TABLE 1. Experimental studies summary.


TABLE 2. Data variable name descriptions.

mean(data.subjectHasRightAnswer(data.subjectnumber == 5 & data.invertedStimulus == 0));

The helper function selectIndices() (in Data Citation 4) facilitates the selection of all the data with indices of a given type. For example:

inverteddata = selectIndices(data,data.invertedStimulus == 1);

The structure of data is indexed by trial. For each experiment, there is a single data structure for each of the 24 subjects recorded. To access information about a particular trial, one chooses the corresponding field of the main experimental data structure like so, e.g., trial 55:


Generally, saccade information is stored in the “eyedata” field. For example, the onset time of the third saccade of the fifth trial in the entire experimental cohort is accessible like so:


Raw sample data for eye movements are contained in the “data.eyedata.sampledata” field. This field contains the raw sample data (timepoint, raw x, raw y, diameter x, diameter y, corneal reflex x, corneal reflex y, point of regard x, point of regard y) for the 200 ms (250 samples at 1250 hz) before the stimulus onset and the 800ms after and including stimulus onset (see Table 2).

While access to the data is trial-oriented, one can ascertain which other images were presented during a particular section of eye data by using the following procedure (for example, trial 2690 of subject 9):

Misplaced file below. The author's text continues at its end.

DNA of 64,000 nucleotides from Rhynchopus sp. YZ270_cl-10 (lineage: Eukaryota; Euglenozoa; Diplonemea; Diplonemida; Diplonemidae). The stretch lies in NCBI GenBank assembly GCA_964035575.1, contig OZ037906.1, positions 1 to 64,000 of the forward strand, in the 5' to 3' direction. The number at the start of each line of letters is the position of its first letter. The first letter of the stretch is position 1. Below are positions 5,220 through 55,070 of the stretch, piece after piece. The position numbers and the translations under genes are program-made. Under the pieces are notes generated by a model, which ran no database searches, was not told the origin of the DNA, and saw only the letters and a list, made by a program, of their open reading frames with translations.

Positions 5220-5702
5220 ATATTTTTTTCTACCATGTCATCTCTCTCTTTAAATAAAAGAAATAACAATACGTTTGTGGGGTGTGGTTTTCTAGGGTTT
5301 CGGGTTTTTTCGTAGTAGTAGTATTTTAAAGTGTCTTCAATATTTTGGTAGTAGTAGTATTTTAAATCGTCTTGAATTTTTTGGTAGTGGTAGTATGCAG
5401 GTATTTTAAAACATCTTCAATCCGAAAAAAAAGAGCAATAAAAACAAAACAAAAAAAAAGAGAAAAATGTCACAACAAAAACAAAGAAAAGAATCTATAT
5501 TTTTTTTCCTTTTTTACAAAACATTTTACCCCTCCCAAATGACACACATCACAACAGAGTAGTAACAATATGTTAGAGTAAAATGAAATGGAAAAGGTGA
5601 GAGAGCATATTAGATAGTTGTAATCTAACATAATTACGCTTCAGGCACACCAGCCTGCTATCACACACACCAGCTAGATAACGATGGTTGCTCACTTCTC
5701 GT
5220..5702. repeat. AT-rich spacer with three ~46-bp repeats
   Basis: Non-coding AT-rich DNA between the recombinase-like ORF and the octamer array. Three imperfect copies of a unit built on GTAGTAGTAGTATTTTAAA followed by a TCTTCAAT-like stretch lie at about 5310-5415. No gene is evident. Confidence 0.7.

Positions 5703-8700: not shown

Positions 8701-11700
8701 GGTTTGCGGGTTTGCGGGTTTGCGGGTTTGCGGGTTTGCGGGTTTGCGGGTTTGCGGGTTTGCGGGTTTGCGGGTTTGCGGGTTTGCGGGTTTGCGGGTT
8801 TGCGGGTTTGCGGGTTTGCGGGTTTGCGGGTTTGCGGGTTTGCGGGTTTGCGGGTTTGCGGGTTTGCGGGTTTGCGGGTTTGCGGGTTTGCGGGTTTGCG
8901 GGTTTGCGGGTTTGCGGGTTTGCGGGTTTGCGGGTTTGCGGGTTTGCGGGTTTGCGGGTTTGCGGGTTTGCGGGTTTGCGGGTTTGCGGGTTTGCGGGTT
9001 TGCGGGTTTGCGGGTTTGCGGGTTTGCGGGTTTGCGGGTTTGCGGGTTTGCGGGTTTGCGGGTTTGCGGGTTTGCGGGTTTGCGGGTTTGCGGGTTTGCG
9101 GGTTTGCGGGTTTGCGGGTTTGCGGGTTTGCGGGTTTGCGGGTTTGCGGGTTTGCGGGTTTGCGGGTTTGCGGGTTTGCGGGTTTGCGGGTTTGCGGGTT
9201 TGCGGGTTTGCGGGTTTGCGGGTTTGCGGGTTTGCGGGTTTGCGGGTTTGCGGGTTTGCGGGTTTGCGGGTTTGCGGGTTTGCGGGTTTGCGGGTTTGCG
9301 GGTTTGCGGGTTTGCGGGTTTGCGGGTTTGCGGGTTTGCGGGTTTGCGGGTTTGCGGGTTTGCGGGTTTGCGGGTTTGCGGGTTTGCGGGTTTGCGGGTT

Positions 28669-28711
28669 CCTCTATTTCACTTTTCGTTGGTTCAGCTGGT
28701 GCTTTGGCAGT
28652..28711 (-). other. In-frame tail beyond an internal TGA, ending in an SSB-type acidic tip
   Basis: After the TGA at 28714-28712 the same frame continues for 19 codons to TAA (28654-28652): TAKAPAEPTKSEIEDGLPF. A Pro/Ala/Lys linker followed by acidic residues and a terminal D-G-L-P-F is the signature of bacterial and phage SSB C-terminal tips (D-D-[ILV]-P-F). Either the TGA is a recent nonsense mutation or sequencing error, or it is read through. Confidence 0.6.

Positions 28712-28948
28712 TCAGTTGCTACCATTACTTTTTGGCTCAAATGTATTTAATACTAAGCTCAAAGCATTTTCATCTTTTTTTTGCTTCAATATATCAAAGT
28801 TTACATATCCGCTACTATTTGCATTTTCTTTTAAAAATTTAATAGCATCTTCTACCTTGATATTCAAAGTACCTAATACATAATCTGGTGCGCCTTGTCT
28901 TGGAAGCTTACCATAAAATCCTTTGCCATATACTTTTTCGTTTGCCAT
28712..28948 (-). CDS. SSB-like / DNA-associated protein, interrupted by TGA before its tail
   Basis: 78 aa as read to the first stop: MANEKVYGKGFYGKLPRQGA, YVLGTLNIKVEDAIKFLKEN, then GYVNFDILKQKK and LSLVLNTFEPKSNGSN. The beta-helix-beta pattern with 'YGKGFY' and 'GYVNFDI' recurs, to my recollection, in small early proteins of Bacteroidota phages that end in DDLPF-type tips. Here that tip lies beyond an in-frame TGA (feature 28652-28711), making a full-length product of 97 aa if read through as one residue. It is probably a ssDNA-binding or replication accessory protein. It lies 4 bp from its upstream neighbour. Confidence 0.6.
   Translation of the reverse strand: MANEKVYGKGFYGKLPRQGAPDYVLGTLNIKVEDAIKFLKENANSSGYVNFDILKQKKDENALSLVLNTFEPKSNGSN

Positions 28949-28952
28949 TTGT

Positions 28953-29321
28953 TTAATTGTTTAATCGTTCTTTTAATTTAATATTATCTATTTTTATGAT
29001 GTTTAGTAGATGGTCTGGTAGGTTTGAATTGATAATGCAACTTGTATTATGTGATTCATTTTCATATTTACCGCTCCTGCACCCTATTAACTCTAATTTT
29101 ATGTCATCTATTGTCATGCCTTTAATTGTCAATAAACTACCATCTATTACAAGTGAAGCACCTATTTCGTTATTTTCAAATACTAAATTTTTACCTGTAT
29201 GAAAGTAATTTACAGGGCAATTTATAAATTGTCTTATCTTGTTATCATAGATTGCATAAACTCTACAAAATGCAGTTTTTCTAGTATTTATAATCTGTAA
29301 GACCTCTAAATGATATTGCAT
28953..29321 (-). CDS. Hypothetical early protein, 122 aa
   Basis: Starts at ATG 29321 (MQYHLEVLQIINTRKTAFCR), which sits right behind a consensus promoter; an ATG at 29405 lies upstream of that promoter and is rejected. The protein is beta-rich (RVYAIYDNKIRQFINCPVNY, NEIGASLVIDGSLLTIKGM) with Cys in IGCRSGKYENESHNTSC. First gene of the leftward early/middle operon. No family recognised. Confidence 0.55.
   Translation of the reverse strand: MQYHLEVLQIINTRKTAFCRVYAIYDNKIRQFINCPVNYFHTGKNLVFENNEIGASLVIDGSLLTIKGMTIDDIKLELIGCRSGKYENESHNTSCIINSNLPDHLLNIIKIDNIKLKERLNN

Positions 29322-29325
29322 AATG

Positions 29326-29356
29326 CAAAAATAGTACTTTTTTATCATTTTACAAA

datasubject = selectIndices(data,data.subjectnumber == 9); % trigger onsetsare particular to subjects

Trial number = 2690; %

trialIndicesDuringOneSecondPeriodAroundTrial = find (datasubject. eyedata.triggeronsets> =min(squeeze(datasubject.eyedata.sampledata (trialnumber,1,:))) & datasubject.eyedata.triggeronsets <= max(squeeze (datasubject.eyedata.sampledata(trialnumber,1:,:)))));

imageFilesDuringOneSecondPeriodAroundTrial = datasubject.stimulus ImageFile{trialIndicesDuringOneSecondPeriodAroundTrial}

Using this same method, one can access any other desired data of interest. For example, to obtain the target luminances around a particular trial:

targetLuminancesDuringOneSecondPeriodAroundTrial=datasubject. imageproperties.targetLuminance(trialIndicesDuringOneSecondPeriod AroundTrial);

We exported the trial onset time data for each trial into a field called “eyedata.triggeronsets.” These trial onset times can be simply collated with the eye data using the eyedata.sampledata field.

Technical Validation